Summary Indicator Report Data View Options
Why Is This Important?
Adult drinking and driving is a precursor to alcohol-related motor vehicle crash injury and death. Any drinking and driving is dangerous (i.e., associated with an elevated risk of crash and injury), but driving after binge drinking (which is defined as a level of drinking likely to lead to a 0.08 BAC) is particularly risky. Unfortunately, binge drinkers are much more likely to report driving after drinking than non-binge drinkers. For example, in 2014, only 1.1% of adults reported driving after drinking too much; but 7.0% of binge drinkers reported engaging in this risky behavior in the past 30 days, compared to only 0.1% of non-binge drinkers.
Drinking and driving is defined as adults who report that they drove after having "perhaps too much to drink" at least once in past 30 days The drinking and driving question is only asked in even years.
- Behavioral Risk Factor Surveillance System Survey Data, U.S. Department of Health and Human Services, Centers for Disease Control and Prevention, together with New Mexico Department of Health, Injury and Behavioral Epidemiology Bureau.
- U.S. data source: Centers for Disease Control and Prevention (CDC), Behavioral Risk Factor Surveillance System (BRFSS) Prevalence and Trends Data.
How the Measure is Calculated
|Number of New Mexican adults (ages 18 and over) from the Behavioral Risk Factor Surveillance System (BRFSS) who reported driving after having "perhaps too much to drink" at least once in past 30 days
|Number of New Mexican adults (ages 18 and over) from the Behavioral Risk Factor Surveillance System (BRFSS)
The Community Guide outlines evidence-based strategies for the prevention of excessive alcohol use and alcohol-related motor vehicle injury: https://www.thecommunityguide.org/topic/motor-vehicle-injury.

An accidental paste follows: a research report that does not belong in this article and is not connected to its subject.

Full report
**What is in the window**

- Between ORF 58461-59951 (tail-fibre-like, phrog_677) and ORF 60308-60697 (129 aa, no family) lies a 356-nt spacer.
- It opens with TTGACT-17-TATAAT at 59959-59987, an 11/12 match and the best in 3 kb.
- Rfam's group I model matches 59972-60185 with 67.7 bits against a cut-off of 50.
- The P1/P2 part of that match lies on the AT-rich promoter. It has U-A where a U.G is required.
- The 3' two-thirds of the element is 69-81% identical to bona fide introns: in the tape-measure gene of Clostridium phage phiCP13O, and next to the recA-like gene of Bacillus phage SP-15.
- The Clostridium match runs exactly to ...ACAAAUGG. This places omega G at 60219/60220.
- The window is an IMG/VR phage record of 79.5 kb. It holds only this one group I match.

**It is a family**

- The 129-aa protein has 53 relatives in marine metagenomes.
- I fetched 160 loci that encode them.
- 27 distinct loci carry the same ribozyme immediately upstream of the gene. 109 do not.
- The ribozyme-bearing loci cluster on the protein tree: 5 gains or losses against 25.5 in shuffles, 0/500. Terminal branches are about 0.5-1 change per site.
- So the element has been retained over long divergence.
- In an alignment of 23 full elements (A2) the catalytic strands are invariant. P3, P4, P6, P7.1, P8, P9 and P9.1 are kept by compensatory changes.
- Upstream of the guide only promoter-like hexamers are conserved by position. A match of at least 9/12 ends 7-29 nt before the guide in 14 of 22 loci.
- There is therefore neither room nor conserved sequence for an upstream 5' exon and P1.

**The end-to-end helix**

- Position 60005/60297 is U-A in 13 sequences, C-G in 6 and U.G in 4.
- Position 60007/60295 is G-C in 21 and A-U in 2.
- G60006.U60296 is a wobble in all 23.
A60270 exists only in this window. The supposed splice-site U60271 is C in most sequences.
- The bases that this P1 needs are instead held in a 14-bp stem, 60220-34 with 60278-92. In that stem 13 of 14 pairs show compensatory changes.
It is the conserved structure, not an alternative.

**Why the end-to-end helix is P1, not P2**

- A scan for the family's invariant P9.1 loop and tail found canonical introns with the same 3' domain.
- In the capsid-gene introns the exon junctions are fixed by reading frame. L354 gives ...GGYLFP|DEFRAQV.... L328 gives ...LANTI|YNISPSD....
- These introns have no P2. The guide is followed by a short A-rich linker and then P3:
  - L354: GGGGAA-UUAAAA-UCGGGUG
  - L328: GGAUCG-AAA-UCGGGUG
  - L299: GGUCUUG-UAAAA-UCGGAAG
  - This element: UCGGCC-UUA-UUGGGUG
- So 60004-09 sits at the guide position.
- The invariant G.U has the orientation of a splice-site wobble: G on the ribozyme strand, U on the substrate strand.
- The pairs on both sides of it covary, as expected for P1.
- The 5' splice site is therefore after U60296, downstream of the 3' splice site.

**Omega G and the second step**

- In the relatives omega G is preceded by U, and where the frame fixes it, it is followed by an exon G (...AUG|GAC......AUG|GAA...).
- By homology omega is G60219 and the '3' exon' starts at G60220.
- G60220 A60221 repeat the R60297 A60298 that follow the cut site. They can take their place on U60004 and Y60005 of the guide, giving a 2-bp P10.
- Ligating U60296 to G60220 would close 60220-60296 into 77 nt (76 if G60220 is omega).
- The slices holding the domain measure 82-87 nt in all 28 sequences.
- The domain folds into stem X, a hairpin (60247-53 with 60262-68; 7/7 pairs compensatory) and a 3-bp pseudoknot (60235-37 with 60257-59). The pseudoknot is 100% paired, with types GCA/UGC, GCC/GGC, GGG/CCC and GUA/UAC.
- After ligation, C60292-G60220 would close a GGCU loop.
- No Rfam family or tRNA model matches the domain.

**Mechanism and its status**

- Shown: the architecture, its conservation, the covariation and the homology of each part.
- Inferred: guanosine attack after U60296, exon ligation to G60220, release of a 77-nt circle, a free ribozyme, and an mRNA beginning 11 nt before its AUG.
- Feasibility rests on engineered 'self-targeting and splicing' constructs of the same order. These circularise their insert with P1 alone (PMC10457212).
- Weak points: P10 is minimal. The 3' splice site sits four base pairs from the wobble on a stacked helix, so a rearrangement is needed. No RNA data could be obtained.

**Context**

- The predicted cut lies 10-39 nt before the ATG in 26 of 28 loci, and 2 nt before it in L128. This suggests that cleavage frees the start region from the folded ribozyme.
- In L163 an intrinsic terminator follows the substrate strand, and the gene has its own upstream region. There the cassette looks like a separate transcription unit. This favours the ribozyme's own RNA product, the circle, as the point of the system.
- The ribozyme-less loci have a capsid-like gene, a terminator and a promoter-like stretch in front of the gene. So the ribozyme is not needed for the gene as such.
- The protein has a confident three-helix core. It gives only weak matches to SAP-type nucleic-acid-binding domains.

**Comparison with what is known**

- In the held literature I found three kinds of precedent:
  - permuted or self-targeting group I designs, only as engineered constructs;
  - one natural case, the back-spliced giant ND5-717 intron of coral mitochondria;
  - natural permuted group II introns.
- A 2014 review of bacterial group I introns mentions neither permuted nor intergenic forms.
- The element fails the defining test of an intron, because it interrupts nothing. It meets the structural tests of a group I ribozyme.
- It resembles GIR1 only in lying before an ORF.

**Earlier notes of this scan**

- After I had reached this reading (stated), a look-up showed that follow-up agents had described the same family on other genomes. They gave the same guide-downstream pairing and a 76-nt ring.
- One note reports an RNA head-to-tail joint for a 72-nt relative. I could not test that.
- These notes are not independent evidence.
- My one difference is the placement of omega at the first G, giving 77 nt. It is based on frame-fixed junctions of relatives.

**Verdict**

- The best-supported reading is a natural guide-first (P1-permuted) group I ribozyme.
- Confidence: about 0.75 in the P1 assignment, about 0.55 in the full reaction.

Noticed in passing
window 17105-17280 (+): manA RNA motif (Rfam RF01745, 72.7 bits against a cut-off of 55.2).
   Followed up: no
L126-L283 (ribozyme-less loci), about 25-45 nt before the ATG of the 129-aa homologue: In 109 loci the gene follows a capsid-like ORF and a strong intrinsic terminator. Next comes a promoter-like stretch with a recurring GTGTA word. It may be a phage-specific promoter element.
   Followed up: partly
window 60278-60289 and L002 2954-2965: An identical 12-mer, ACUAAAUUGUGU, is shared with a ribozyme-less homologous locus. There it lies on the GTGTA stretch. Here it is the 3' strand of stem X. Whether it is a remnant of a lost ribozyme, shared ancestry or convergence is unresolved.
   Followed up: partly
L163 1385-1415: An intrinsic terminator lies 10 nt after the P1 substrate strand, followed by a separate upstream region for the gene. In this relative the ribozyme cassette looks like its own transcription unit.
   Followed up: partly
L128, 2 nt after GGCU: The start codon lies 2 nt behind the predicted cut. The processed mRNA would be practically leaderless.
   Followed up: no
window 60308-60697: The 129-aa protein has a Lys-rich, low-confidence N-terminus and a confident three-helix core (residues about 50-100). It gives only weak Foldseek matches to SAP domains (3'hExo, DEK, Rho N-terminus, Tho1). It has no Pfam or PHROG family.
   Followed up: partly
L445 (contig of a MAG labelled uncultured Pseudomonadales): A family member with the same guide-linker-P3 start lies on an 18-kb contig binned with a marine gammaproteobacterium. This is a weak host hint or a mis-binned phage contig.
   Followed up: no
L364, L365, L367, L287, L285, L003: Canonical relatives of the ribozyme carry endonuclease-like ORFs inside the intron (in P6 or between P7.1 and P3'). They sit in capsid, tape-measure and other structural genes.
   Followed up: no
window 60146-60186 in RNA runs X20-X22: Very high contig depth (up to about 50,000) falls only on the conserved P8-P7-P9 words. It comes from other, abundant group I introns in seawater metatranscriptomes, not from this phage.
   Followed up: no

Substance Abuse Epidemiology Report Indicator
Doctors, nurses and other health professionals should screen all adult patients and counsel those who drink too much to drink less. This is called alcohol screening and brief intervention (A-SBI). A-SBI can reduce how much alcohol a person drinks on an occasion by 25%. A-SBI is recommended by the U.S. Preventive Services Task Force (USPSTF), the Community Preventive Services Task Force (Community Guide), the Centers for Disease Control and Prevention (CDC), the National Institute on Alcohol Abuse and Alcoholism (NIAAA), Substance Abuse and Mental Health Services Administration (SAMHSA), and the World Health Organization (WHO). For more information on A-SBI, please the CDC vital signs website: www.cdc.gov/vitalsigns/alcohol-screening-counseling/index.html
The New Mexico Department of Health Substance Abuse Epidemiology Section has New Mexico-specific reports, resources and publications, available at: nmhealth.org/about/erd/ibeb/sap. CDC Alcohol Program has fact sheets, online tool kits, data and recently published literature, available at: www.cdc.gov/alcohol. The CDC also publishes the Prevention Status Reports (PSR), which highlight, for all 50 states and the District of Columbia, the status of public health policies and practices designed to address important public health problems and concerns. The 2013 PSR for alcohol-related harms can be found at: www.cdc.gov/psr/2013/alcohol/index.html. The Community Preventive Services Task Force reviews research and makes recommendations to help communities answer the question "what works?" Community Guide recommendations for preventing excessive alcohol consumption can be found at: www.thecommunityguide.org/alcohol.